But there will always be people who need assistive technology such as Braille keyboards. Again, with the emphasis now across the EU on equivalence of access, a much larger market is opening up for those manufacturers of what have been previously regarded as niche products. With potentially greater volumes it should be possible for design to improve, and prices to fall, making the equipment more affordable for those most in need or the charities that support them.

The voluntary sector has a critical role to play in bringing to the table its expertise, practical experience and knowledge of people’s needs.
And thirdly, the e-Accessibility Action Plan, that we are launching today is focused on activities that will ensure that the future development of digital products and services are “designed for all”.

In this way the general market will meet the needs of the vast majority of people, and it will also be easier to identify those particular equipment and service requirements necessary for all disabled people to fully participate and engage with today’s digital world.

The plan is a key tool to develop further government policy in this area, and to provide business and other organisations with the right tools to enable everyone to contribute to the UK digital economy

In case you haven’t seen the plan yet, it has five workstreams:

First, it looks at the regulatory framework.

Secondly, it considers what consumer technology and digital equipment is on the market and how issues surrounding affordability and availability of assistive technologies can be resolved by ‘designing equipment for all’. And when the purchase of specialist equipment is necessary, how we can mitigate or offset this possible cost barrier to engaging in the digital world.

Thirdly, we look at how we can improve on Website Services. I want to see an increase in the accessibility of Government online services. This includes the promotion of developing websites that enable the use of Assistive Technology such as screen readers and uses W.C.A.G. 2.0 (Web Content Accessibility Guidelines) and double A standards.

Fourth, we will continue to work to remove barriers and make content accessible. This will involve looking at the issues that surround the rules and regulations for television subtitles and audio-description. And the Digital Television Group, a member of the forum, is considering what needs to be done to deliver subtitles, audio description and text to speech services for connected television such as YouView. The Forum will also look at how a wider selection of publishing material, such as e-books, can be made more accessible to the visually impaired.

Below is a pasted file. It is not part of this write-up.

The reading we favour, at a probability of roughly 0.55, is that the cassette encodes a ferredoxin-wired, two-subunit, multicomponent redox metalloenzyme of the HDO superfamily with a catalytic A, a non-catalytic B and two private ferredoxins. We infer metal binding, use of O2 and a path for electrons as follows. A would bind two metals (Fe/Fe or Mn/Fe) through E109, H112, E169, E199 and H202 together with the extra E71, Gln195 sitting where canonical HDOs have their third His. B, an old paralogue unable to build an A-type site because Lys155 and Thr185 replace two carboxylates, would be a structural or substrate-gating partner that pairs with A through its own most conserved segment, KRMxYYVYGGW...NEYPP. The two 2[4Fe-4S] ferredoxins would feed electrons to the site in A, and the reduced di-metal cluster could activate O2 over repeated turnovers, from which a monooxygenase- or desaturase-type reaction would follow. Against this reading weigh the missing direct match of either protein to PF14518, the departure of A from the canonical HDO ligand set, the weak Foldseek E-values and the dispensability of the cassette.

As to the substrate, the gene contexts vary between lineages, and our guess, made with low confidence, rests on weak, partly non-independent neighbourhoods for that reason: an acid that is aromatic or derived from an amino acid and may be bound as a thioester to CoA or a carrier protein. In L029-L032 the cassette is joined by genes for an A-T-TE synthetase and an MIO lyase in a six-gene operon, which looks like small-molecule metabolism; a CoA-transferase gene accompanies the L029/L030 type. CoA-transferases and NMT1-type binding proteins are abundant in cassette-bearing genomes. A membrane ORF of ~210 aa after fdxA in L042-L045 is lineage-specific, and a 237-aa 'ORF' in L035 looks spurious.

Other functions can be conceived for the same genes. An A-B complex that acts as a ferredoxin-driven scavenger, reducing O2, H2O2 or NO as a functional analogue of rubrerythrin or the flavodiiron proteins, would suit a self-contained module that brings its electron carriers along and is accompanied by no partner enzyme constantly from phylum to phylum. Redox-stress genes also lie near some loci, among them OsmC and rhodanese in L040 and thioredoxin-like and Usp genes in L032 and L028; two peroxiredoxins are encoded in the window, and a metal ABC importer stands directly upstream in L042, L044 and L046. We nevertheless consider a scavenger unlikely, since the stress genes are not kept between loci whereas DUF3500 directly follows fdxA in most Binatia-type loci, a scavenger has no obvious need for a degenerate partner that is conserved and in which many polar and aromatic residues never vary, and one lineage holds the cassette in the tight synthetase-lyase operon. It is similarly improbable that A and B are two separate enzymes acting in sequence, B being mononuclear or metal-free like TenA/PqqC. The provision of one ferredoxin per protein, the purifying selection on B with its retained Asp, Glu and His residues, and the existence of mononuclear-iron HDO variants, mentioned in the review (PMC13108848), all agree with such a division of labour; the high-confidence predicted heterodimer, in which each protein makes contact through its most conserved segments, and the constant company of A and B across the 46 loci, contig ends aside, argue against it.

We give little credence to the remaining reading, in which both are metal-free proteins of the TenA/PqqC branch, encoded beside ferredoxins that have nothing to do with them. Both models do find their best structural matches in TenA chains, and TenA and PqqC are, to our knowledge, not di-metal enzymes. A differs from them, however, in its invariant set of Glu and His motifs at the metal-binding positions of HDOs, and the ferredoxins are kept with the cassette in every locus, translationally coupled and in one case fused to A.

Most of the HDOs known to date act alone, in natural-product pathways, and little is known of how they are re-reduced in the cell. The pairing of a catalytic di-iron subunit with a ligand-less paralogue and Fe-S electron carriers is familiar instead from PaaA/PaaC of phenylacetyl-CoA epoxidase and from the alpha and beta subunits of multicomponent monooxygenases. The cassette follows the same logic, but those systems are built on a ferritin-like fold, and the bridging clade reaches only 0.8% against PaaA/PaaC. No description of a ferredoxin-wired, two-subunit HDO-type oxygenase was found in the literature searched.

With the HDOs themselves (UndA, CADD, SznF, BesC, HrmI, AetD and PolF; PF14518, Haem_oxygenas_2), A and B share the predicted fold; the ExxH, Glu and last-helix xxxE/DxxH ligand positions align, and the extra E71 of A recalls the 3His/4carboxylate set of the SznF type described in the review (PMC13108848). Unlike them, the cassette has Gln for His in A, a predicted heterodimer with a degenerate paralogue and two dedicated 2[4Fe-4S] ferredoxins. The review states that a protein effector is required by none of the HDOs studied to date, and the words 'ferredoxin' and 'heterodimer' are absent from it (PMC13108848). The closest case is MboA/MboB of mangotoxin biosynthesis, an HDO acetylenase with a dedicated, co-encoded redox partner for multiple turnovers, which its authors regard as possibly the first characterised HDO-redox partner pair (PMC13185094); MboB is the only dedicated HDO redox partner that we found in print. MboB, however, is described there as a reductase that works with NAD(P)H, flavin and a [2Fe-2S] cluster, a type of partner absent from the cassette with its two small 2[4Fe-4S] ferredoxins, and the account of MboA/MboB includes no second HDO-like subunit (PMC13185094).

Fifth, it will, as I will, continue to promote and raise awareness of the issues e-Accessibility and ensure that we make the necessary progress to achieve an inclusive society.

Many of these actions result from the report on barriers for disabled people to using the internet which was produced by the Consumer Expert Group last October. That report showed that people with certain disabilities face very particular issues of accessing products and services. And the report looked mainly at Internet access via computers as well as training and long term support.

Encouraging the audience to take part

So the e-Accessibility action plan is still in its infancy. So far it is only a document. Its aims can only be delivered successfully if people grasp the opportunities that it offers. You have a chance to shape its impact. It will only be effective if it delivers what we all want and reflects the interests and inputs of a wide range of businesses, charitable organisations as well as public sector bodies.
There is no end point for this action Plan. With the pace of change in today’s digital society, it is unlikely that we will be able to say “job done”. But we must focus on what we can achieve. I want to see a step change. And I want to see it by the time of the Olympics and Paralympics in 2012.

Conclusion

To conclude: the digital economy depends on making sure that everyone can contribute and everyone can benefit. Too many people are currently excluded. I want to see that change. The Government will make sure that we have a clear and supportive regulatory framework that legislates where necessary. But regulation can be a blunt instrument. I challenge you to develop new ways of making it easy for disabled people to be productive employees, confident consumers, and engaged citizens. Join the RaceOnline 2012 campaign. Engage with the e-accessibility forum. Make life better for disabled people.

I believe it will be the collaboration and partnerships that will occur between business, the voluntary sector and the Government that will make the difference.

And this plan will help create this environment of co-operation and deliver results that will drive the e-Accessibility agenda forward.